By Jane Fitzpatrick, Contributing Writer
Two campuswide Open Listening Sessions were held on Tuesday, May 7 and Wednesday, May 8 in response to concerns about sexual assault on campus. Both sessions had low attendance, however they intended to provide students, faculty, and staff the opportunity to probe questions surrounding sexual assault, voice their opinions on the subject, and provide feedback to the Office of Violence Prevention.
Leading the conversations were Title IX Director Amanda Blaugher and Director of the Women’s Center and Violence Protection Coordinator Valentina Cucuzza.
Blaugher told The Gettysburgian prior to the sessions that the feedback sessions were extremely important, “It’s very easy for people to get into a flow of things and not realize ‘we could be doing this or that.’”
Blaugher and Cucuzza had specific goals in mind for the listening sessions: “We want to hear from members of the campus community about where we need to do better, how we can reach the community about the efforts from The Office of Violence Prevention, and what our campus community wants to see moving forward. We are committed to moving forward together to address concerns about campus culture and fostering a community of respect where all feel safe.”
To start the conversations, these questions were presented via a slideshow made by Blaugher and Cucuzza:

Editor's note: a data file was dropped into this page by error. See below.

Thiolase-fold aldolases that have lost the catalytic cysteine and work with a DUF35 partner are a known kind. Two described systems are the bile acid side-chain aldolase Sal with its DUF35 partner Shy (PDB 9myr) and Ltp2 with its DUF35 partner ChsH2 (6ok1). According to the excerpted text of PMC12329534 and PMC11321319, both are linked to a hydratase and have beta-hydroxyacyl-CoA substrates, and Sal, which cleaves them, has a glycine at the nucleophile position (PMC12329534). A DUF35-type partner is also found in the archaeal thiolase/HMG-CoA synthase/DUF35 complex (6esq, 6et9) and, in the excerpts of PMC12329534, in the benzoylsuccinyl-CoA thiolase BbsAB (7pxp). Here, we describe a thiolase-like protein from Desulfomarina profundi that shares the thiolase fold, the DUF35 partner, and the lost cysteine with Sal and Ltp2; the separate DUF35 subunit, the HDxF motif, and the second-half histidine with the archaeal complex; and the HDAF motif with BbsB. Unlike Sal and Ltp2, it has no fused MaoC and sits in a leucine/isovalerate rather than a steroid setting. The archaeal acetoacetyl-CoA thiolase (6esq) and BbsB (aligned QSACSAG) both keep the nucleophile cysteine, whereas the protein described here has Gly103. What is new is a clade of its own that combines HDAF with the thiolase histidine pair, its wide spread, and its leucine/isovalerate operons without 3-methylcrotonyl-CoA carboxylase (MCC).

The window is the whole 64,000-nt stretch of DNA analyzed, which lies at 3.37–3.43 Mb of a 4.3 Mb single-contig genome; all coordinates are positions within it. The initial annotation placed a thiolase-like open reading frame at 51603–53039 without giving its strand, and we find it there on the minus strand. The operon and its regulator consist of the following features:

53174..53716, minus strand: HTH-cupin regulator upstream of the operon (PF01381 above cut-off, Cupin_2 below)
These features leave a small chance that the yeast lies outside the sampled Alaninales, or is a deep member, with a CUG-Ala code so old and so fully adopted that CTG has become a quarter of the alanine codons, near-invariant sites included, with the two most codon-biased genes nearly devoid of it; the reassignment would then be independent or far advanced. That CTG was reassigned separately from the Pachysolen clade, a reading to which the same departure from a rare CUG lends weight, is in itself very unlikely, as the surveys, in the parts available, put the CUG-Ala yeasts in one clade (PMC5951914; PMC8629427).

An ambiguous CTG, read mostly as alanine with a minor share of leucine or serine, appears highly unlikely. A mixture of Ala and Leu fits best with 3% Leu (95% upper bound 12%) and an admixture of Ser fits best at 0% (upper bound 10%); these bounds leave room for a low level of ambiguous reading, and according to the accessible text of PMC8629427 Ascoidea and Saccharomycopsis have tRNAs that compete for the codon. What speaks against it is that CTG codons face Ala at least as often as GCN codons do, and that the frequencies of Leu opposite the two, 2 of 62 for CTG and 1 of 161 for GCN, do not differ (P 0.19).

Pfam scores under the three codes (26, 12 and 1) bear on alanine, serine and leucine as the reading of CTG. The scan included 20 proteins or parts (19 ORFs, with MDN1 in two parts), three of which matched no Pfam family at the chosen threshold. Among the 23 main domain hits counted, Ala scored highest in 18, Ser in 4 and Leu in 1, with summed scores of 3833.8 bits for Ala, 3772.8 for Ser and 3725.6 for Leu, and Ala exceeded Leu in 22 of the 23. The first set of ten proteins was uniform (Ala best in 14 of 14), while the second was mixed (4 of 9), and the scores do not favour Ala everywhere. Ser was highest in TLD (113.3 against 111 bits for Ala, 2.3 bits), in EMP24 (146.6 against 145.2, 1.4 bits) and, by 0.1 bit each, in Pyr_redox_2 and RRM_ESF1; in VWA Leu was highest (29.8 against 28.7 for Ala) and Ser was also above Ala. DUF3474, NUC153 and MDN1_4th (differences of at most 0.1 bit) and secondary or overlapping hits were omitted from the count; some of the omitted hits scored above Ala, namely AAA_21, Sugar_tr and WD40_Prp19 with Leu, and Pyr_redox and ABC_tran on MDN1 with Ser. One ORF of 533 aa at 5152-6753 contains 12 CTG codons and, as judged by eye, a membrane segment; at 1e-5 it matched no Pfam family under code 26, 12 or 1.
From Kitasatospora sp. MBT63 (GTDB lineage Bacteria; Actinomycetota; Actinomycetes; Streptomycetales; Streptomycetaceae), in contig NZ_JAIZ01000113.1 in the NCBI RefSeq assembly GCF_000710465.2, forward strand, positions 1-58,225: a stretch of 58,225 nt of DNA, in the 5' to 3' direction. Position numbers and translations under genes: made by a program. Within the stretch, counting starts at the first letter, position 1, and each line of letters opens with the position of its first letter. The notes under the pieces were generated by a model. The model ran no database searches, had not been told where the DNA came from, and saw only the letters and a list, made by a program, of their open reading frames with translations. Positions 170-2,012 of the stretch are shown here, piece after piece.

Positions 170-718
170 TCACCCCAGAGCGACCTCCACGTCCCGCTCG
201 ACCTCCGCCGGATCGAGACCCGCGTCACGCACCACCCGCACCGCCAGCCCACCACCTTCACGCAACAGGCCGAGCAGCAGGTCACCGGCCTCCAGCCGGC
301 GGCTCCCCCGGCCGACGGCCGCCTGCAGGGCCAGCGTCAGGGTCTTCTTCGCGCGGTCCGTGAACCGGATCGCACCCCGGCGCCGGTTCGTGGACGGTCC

- “Where does the campus need to do better when it comes to addressing sexual assault on campus?”
- “How can we reach the campus community about efforts from the Office of Violence Prevention and the Women’s Center?”
- “What do you want to see moving forward?”
While Blaugher and Cucuzza considered the attendance at the sessions low in comparison to the level of concern they observed on campus, they considered both sessions “successful” in gathering information from both students and faculty members present. The two asked the audience, in response to the turnout, how they could get more involvement; a student replied: “more listening sessions like this one.”
One of the recommendations offered at the meeting included making changes to the Gettysburg College website, namely updating the Sexual Misconduct Resources page to be more informative and personable.
Those present also raised concerns over the effectiveness of the required summer online sexual misconduct courses for students. One of the attendees suggested that the online course be supplemented with in-person education sessions.
Further recommendations spread to possible improvements to the first-year orientation program. Some female students recommended that male students be more involved in sexual misconduct awareness and prevention. They claimed that they heard some male students say that “men don’t get sexually assaulted/raped;” thus the female students voiced that they wish to quell this fallacy.
More comments arose during the sessions regarding the idea of using female empowerment and wellness as tools to encourage more dialogue on the topic of sexual conduct. Attendees cited the introduction of programs and activities within Greek life and clubs on campus as a start to addressing the issue of sexual assault.
Among the future recommendations for addressing sexual assault was the idea to hold more listening sessions and interactive events that allow the campus community to probe dialogue on the subject.
In addition to the listening sessions, the Office of Violence Protection and the Women’s Center invite students and faculty to send feedback via email to ViolencePrevention@gettysburg.edu.